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Food

Vegemite Survey Spreads It Back President Obama’s Way

President Obama once famously told a visiting Australian Prime Minister that he was no fan of their dark brown food paste.

This week, Down Under’s leading market research firm is firing back:

President Obama described Vegemite as “horrible… a quasi-vegetable byproduct that you smear on your toast”, but what would he know? He’s not Australian! As the latest findings from Roy Morgan Research reveal, Vegemite is overwhelmingly more popular among people born here than overseas-born Aussies — although New Zealand-born folks are rather partial to it, too.

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Now Boarding: A Michelin Three-Star Chef

AndreasCaminadaSwissAirlinesThe last few tweets from this airline account are all extremely convincing reasons to @FlySWISS.

Aboard a Swiss International Air Lines flight from Zurich to New York arriving at JFK around 12:30 p.m. today is Michelin three-star chef Andreas Caminada (pictured). He was recruited to personally oversee in-flight food and drink worthy of his establishment Schauenstein Schloss, set inside an 18th century castle 90 minutes outside of Zurich and rated one of the world’s Top 50 sit-down joints by Restaurant magazine. Sure beats a bag of peanuts and a can of “that will be one Euro, please” soda.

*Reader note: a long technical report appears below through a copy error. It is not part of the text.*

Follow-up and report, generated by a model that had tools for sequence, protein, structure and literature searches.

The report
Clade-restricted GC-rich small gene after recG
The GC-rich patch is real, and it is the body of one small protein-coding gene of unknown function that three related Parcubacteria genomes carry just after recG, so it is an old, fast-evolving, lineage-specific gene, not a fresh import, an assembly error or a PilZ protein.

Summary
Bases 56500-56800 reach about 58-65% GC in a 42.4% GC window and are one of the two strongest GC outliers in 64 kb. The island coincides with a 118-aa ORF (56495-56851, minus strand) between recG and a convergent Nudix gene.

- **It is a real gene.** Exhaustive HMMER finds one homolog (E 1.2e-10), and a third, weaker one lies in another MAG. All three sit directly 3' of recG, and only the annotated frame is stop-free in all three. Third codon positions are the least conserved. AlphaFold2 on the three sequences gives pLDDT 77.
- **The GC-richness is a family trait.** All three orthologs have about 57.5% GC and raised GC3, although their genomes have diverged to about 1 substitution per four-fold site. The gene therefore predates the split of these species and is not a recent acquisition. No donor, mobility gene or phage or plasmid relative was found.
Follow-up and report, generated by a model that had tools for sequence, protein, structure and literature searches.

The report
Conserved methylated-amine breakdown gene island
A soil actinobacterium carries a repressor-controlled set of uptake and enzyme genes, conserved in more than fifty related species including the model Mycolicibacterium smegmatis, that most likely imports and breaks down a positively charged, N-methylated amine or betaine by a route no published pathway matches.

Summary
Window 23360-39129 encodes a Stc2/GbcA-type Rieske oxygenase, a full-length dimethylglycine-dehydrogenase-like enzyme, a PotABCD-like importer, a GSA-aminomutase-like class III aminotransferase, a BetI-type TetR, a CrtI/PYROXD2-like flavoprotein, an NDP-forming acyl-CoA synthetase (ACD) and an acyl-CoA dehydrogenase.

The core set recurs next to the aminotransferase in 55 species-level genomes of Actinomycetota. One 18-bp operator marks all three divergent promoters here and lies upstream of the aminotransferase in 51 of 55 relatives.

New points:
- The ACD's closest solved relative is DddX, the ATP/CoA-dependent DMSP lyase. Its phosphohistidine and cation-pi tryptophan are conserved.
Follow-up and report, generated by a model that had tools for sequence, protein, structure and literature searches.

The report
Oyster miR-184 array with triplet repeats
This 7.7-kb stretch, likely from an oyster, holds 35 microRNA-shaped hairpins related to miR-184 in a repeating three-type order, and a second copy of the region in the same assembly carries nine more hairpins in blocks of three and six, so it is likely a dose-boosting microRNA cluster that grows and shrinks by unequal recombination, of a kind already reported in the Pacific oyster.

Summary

From a recent Q&A with Caminada:

The Financialist: What would you consider your most surprising dish?

Caminada: Sometimes our restaurant guests are wary of certain ingredients. We don’t force anyone to eat anything, but we do encourage them to be open-minded about foods they may only think they don’t like. For instance, we have a halibut with onions prepared five different ways on the menu that has converted some guests who were suspicious of onions. They realize that as long as you don’t eat them raw, onions are mild and very pleasant, whether sautéed in red wine, whole roasted, or fried to a crisp.

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More Thanksgiving Recipe Trouble for the New York Times